In the past they given an indication of the development pipeline in the form of sections consented but not yet formed (a number that is not normally publicly available). In the last report they switched to titles issued. Titles are only issued by LINZ a couple of months after the council has issued its s223 Certificate of Completion. So this number reflects ancient history not what is coming up.

There are many other clues in that report that the pipeline is hardly flowing to capacity. I am trembling with antici-----pation.

The SHA are an excellent example of why paper sections do not equate with real developed sections, even when the PM makes threats.

In theory the SHA’s have released enough land to build thousands of extra sections over many years into the future, in the anticipation that this will make sections more affordable.

Yet the ACC think that releasing only 5 years supply is enough to achieve more affordable sections.

What they continually fail to see, in spite of being told many many times, is that paper supply will never eventuate into actual affordable supply while you have restrictive zoning, which in effect the SHA is.

For the simple reason not all properties within these areas want or can develop now, and even those that could will only do so at the rate where their release onto the market (supply) is less than demand, thus keeping the price as high as possible for them to cover the exorbitant fees council charge for infrastructure, fees, and the risk of having to pay this game.

Perhaps the answer is for the RBNZ to wash their hands of the matter and put interest rates back down to 2.5%, thus precipitating a crisis. Was their recent speech warning of exactly this?

The country either needs the government to run a 3% deficit and thus allow the RBNZ to put interest rates up to stop the bubble in Auckland house prices; or, alternately, the country needs significantly lower interest rates (2% lower?) if the government insist on balancing the books.

If the RBNZ does follow the Aussie lead and put interest rates down it will cause Auckland house prices to go ballistic in a final frenzy of speculation. This will cause outrage and allow the government to actually make real changes instead of just pretending. The cure for high prices is high prices, perhaps what is needed is really, really high prices.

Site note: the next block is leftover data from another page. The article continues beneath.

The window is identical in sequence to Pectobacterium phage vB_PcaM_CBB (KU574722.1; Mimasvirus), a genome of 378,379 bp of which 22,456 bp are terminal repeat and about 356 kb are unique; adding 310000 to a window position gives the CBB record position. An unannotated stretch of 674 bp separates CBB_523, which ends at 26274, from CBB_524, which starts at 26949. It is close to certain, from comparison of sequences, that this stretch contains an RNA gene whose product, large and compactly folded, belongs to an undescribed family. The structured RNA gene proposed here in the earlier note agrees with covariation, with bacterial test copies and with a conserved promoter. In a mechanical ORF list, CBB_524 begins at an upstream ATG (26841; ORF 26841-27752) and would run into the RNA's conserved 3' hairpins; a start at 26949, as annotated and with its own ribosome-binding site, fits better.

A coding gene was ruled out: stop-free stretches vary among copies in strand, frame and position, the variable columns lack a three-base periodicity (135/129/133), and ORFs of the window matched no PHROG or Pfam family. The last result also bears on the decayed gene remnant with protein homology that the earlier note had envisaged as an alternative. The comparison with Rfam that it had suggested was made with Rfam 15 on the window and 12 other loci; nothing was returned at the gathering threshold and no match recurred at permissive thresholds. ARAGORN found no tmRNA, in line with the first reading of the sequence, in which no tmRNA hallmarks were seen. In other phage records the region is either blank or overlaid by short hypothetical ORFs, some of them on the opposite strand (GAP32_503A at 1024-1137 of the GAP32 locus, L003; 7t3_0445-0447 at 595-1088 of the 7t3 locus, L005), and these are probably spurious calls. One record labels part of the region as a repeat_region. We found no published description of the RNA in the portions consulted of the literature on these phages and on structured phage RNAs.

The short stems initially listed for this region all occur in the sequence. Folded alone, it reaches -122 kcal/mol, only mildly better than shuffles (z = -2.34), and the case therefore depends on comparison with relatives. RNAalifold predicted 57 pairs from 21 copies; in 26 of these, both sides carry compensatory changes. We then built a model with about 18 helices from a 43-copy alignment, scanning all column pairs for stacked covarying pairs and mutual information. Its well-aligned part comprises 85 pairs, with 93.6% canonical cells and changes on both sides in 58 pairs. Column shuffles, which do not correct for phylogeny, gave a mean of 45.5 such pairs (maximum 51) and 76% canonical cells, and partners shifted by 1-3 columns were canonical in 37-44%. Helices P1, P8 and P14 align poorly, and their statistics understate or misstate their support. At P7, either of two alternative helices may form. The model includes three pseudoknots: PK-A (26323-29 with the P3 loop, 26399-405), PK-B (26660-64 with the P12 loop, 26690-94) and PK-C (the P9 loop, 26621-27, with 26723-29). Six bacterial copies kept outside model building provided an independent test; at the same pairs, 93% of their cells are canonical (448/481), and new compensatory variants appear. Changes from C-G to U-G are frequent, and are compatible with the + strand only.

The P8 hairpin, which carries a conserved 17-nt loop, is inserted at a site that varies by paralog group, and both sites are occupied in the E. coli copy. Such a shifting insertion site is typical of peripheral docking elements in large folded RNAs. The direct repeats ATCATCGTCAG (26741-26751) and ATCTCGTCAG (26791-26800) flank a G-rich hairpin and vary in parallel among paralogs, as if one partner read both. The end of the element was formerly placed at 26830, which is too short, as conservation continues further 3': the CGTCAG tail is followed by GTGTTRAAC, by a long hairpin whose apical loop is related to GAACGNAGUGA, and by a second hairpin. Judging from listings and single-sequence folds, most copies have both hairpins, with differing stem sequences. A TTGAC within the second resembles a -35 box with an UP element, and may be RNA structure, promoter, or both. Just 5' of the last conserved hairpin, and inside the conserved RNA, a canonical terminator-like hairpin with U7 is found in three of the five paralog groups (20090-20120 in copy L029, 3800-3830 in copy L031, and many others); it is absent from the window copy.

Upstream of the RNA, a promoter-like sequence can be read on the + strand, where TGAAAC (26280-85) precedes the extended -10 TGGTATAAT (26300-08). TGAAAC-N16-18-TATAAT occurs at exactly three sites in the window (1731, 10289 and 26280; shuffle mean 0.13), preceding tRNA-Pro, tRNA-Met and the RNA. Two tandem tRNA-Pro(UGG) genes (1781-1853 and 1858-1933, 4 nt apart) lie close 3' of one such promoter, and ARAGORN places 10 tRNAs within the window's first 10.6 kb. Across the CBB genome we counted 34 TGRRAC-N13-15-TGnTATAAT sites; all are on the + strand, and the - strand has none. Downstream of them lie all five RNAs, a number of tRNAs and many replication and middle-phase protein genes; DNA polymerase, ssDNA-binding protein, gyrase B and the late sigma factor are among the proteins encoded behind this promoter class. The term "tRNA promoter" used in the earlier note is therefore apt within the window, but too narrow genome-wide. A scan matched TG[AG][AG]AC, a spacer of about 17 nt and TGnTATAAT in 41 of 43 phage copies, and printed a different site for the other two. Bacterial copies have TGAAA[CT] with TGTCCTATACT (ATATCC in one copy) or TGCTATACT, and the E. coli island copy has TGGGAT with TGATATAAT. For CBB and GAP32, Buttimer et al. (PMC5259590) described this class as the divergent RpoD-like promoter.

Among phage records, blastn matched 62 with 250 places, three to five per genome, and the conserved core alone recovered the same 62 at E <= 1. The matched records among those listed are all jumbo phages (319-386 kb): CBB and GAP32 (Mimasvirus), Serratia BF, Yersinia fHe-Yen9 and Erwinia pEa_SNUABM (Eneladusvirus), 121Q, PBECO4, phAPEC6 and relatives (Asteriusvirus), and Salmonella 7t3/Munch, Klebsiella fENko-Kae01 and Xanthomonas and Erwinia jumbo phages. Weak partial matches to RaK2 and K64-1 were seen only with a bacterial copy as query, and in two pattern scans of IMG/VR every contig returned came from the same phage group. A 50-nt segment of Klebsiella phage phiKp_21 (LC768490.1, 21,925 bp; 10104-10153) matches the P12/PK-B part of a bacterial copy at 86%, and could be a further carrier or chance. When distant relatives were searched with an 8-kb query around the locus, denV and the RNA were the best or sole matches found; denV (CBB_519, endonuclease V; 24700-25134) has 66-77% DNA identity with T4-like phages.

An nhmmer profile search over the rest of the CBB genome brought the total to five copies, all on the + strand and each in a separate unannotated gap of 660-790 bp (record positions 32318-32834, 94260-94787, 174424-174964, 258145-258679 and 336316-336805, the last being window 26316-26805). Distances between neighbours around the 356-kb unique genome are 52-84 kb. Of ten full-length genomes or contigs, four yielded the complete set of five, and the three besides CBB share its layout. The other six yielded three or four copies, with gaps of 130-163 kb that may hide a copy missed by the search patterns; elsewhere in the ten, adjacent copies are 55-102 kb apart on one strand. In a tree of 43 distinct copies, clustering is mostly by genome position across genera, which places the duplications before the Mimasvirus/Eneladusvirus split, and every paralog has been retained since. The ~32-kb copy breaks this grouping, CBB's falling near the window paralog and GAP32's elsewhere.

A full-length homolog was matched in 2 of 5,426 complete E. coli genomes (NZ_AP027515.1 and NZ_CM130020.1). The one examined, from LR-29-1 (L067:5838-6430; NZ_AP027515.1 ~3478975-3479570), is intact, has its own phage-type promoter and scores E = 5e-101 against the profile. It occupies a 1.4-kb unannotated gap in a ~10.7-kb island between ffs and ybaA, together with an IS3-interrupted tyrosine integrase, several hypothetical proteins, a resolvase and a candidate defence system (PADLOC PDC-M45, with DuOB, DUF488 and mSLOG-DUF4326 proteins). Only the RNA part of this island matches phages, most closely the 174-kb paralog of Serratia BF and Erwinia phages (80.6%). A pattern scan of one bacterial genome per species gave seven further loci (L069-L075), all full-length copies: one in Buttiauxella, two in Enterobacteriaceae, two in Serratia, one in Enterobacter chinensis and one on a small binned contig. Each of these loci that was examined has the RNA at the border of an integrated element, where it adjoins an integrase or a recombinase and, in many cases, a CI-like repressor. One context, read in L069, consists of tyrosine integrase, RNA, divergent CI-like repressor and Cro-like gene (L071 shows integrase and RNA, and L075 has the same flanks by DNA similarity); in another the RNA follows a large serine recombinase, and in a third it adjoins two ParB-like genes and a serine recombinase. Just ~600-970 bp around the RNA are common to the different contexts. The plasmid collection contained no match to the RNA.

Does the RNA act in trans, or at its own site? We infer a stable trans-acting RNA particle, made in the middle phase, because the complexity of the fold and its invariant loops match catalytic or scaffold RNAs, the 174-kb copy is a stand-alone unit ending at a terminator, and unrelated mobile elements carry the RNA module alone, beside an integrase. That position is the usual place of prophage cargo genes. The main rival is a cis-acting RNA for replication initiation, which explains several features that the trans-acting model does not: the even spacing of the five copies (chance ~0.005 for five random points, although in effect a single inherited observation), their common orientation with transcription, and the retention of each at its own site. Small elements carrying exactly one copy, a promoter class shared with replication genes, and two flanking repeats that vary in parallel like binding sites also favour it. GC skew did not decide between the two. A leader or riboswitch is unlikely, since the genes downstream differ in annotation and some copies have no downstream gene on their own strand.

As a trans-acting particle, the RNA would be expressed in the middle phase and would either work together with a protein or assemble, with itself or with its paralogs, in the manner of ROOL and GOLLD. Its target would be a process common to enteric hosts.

The bubble is going to burst regardless, no doubt Key wants to keep some distance and deny responsibility.

Did Mr Key send a letter to all his MPs warning them of speculation in buying said speculative SHA houses to be built too, under urgency?.

(Like they do most things, under urgency, underhand)

Or was it just a little one-sided.?

JOHN KEY IS RIGHT about CGT.

Ordinary Kiwi's are not the cause of the Auckland housing mess , so why should they pay a new tax for a mess created by Local Govt incompetence , and the NZ IMMIGRATION SERVICE ?

How will a new tax ( a cost that is unavoidably and ultimately borne by the buyer / end user/ consumer ) going to reduce house prices or make them more affordable ?

If you want less of something , you introduce a TAX to slow-down or discourage the behaviour or activity .

If you want more of the activity , you incentivise it through TAX allowances ( Such as R&D)

Do we want less houses and land to be bought by the providers of land and rental stock ?

I think CGT will never have the desired effect of reducing house prices, because everyone I have spoken to say they will simply not sell the asset ( usually in a discretionary Trust ) and borrow against it its debt bearing capacity instead , that way they release capital without the tax liability

What a load of nonsense, Key says the value of auckland houses are not overvalued because that's what the market is paying. His logic is totally broken. The market value is always determined by the market. By his argument nothing can ever be over or undervalued. The market always get it just right.

So the value of houses in Ireland just prior to them crashing 40% were not overvalued at the time because "there's [was] a general view that house prices are not over-valued relative to a whole lot of different factors. The market will always assess these things, not politicians. "

Talk about ducking responsibility, it's not the governments role to get involved in 'the market'. Except of course that it's already well involved.

He is just pulling your let and tugging on forelocks....Mate......apparently.

Or maybe ponytails?

;-))

Ya got my drift......Gotta luv someone who sticks up for herself...in spite of who he thinks he is.

Everyone's best friend...not..

I once had high hopes...some hopes....that we would be lead properly, not solely up the property ladder....then pull it up behind him and his cronies....then deny all knowledge....of reality.

A blatant lie can be forgiven perhaps....if talking to ones enemies....Not ones poorly housed VOTERS.